Former Baltimore Orioles Player Miguel Tejada Apologizes After Guilty Plea for Lying to Investigators During Steroids Probe

All-star shortstop Miguel Tejada, left, arrives at Federal Court in Washington.
All-star shortstop Miguel Tejada, left, arrives at Federal Court in Washington. (Pablo Martinez Monsivais - AP)
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By Dave Sheinin and Del Quentin Wilber
Washington Post Staff Writers
Thursday, February 12, 2009

Hours after pleading guilty in Washington to federal charges that he lied to congressional investigators in 2005 about his knowledge of performance-enhancing drug use in baseball, former Baltimore Orioles shortstop Miguel Tejada made a tearful apology in Houston -- without saying what he was apologizing for.

"I'm sorry. I'm sorry for what just happened," Tejada, who now plays for the Houston Astros, said at the end of a brief news conference that ended without him or his lawyer taking questions.

Tejada, 34, pleaded guilty to making a false representation, a charge that carries a sentence of up to year in prison. However, federal sentence guidelines call for probation to six months. U.S. Magistrate Judge Alan Kay released Tejada on his personal recognizance and set a March 26 sentencing hearing.

During a 45-minute hearing in U.S. District Court in Washington, Tejada, the 2002 American League most valuable player, admitted that he lied to congressional staffers during a 2005 interview in a Baltimore hotel room that focused on the prevalence of steroids in the game, as part of a House committee's investigation into former Orioles teammate Rafael Palmeiro.

In a signed statement attached to his plea deal, Tejada also acknowledged buying $6,300 of human growth hormone from a teammate in 2003. But he told authorities that, after purchasing the drugs, he had second thoughts and threw them out, assistant U.S. Attorney Daniel Butler said at the hearing.

Butler said the government had "insufficient evidence to contradict" Tejada's claims.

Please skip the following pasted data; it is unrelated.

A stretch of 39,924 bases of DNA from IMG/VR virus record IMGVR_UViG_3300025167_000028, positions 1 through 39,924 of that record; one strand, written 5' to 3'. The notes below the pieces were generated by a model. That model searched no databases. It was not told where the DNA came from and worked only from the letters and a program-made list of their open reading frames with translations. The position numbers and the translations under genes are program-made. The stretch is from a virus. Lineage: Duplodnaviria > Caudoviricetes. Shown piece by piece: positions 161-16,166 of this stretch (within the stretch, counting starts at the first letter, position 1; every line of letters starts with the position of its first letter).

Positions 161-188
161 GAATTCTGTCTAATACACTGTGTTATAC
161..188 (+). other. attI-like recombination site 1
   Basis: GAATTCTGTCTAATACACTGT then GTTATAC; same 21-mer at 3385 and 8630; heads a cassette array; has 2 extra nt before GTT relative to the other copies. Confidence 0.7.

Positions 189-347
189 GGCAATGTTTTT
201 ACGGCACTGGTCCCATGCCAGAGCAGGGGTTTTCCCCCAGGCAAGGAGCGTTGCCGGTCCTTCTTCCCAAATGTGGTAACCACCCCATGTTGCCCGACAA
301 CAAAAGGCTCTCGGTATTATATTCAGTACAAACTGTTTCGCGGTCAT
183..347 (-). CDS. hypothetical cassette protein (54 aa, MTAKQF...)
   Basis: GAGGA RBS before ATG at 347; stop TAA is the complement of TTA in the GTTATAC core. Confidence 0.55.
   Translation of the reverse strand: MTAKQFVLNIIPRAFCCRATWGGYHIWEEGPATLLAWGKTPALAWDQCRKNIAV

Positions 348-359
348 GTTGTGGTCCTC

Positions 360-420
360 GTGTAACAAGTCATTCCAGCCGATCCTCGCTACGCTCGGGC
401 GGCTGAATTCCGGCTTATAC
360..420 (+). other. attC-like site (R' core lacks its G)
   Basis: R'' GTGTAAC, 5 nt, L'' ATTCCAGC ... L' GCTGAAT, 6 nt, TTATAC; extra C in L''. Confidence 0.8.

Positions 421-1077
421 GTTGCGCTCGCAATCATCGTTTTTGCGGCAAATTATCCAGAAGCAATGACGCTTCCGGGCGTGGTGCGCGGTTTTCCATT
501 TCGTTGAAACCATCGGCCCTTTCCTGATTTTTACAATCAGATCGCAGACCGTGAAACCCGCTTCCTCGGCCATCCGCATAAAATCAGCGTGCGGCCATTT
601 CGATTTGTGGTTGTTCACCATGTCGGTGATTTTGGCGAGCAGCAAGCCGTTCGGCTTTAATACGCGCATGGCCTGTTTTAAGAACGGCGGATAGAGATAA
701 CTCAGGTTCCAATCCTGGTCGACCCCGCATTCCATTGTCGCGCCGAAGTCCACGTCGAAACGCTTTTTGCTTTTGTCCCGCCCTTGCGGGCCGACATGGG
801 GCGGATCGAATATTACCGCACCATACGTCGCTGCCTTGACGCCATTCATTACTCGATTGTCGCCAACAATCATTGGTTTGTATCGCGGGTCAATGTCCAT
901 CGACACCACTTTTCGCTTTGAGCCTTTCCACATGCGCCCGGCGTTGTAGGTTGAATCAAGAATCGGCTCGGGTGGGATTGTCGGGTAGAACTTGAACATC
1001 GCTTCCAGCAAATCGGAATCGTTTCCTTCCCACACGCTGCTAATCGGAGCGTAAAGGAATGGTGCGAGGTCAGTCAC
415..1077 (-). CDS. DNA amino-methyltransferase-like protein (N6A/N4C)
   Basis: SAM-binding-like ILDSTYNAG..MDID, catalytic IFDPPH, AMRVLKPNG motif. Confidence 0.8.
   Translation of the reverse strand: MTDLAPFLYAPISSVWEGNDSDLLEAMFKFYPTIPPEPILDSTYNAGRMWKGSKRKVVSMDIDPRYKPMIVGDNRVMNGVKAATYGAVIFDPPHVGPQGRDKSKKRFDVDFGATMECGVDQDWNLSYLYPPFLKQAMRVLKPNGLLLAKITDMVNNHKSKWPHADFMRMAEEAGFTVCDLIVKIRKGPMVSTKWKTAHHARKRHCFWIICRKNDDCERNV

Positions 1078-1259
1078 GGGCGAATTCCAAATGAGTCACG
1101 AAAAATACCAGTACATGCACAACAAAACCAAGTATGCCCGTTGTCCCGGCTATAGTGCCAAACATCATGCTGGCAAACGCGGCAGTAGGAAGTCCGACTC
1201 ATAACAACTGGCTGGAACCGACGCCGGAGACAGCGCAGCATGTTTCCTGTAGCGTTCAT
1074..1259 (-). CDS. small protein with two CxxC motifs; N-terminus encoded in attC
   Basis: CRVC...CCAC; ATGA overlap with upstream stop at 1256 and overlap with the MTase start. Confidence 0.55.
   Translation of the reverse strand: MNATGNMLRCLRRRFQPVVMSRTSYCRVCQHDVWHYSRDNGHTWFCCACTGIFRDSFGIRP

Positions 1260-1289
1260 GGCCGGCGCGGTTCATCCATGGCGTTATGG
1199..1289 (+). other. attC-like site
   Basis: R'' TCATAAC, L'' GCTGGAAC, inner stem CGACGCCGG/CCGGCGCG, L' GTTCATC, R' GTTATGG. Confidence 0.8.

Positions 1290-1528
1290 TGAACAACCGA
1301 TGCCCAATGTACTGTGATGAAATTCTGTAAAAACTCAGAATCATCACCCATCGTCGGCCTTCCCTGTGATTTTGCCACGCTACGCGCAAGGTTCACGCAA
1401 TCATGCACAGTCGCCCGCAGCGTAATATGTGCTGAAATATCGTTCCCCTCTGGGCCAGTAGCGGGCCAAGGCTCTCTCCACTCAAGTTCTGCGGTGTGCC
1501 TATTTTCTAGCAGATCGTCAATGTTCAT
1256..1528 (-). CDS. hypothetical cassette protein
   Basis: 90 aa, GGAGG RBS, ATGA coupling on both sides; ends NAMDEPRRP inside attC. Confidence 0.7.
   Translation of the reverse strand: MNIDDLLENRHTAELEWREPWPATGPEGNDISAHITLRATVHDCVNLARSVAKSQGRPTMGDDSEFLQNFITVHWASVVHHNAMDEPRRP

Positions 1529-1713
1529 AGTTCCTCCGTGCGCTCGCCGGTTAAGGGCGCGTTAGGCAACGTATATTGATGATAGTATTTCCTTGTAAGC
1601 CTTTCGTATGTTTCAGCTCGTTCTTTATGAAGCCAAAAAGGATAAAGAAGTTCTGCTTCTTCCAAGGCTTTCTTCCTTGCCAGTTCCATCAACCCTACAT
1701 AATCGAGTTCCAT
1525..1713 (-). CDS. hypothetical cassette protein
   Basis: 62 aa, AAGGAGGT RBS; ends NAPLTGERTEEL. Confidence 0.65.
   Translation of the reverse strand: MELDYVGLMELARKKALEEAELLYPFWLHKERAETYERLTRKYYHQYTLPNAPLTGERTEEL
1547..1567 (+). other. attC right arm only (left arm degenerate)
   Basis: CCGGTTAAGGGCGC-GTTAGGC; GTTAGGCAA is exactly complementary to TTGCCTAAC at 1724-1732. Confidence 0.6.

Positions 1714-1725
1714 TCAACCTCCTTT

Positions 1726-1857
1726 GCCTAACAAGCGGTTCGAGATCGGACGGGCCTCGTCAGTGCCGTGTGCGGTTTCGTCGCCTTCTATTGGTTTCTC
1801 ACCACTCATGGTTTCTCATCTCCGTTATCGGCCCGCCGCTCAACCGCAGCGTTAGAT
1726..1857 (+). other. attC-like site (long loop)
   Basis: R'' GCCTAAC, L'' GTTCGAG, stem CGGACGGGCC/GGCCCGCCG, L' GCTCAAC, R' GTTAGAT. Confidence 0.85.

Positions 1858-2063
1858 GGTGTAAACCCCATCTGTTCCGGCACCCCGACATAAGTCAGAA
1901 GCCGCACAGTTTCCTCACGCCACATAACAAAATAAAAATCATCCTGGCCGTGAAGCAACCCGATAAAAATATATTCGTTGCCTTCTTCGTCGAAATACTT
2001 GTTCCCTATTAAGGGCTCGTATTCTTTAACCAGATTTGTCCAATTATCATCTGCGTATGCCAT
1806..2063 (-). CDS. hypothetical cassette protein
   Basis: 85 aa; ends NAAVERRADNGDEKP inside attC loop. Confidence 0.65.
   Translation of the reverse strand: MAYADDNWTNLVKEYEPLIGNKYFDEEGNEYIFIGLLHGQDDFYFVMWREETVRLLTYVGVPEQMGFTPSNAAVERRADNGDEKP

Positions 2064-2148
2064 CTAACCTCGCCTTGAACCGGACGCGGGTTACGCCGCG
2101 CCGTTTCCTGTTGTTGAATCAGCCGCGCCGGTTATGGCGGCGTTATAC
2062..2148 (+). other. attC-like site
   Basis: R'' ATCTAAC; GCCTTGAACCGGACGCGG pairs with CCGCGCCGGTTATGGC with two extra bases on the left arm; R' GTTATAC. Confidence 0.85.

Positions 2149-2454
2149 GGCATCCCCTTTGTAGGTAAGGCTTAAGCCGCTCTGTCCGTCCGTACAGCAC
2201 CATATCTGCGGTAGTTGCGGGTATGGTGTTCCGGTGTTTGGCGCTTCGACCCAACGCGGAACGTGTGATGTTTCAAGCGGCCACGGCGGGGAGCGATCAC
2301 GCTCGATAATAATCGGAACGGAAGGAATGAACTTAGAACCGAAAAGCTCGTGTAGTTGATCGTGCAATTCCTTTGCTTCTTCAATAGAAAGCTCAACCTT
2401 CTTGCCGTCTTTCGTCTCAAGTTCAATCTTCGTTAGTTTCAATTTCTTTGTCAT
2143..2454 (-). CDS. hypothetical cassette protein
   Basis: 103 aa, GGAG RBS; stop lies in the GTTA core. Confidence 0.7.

At the news conference in Houston, Tejada's lawyer, Mark Tuohey, stressed that his client was not alleged by the government to have used performance-enhancing drugs.

"The U.S. Attorney in Washington investigated this matter for over a year, with all the resources it has available to it," Tuohey said. "And that office concluded . . . that the only allegation and the only relevant facts they found dealt with Mr. Tejada's failure" to reveal his knowledge of a teammate's drug use.

Although Tejada, a citizen of the Dominican Republic with permanent-resident alien status in the United States, could face deportation for the misdemeanor conviction, Tuohey said he has already discussed Tejada's status with immigration officials and believes the case "will have no impact on his immigration status at all."

In court yesterday morning, Tejada, wearing a dark suit, white shirt and black-and-silver tie, and flanked by his attorneys, stood before Kay with a headset plugged into his ears so he could hear a Spanish-speaking interpreter.

"Yes, your honor," Tejada answered in English when asked if he understood the consequences of his guilty plea. When asked if he was on any drugs or medications, Tejada told Kay he had "a couple drinks last night" but was not taking anything else.

At the end of the hearing, Tejada shook hands with prosecutors, met with probation officials, then, with Tuohey and agent Diego Bentz, hustled past reporters and television cameramen -- without stopping for questions -- and into a waiting sport-utility vehicle bound for the airport.

In Houston, Tejada spoke haltingly, pausing to wipe his eyes and collect himself, as Tuohey patted his back. He spoke first in English, then, after standing up to walk away, sat back down and repeated himself in Spanish at the request of some Spanish-language media members.

"First of all, I just want to apologize," he said. "I made a mistake, and know now how serious a mistake I make. I take responsibility . . . and I'm very sorry for what happened. I'm sorry to my family, to the Congress, to the Houston Astros, to the Orioles, to the major leagues. . . .

"I apologize to the whole United States, because this country give me the opportunity to be who I am."

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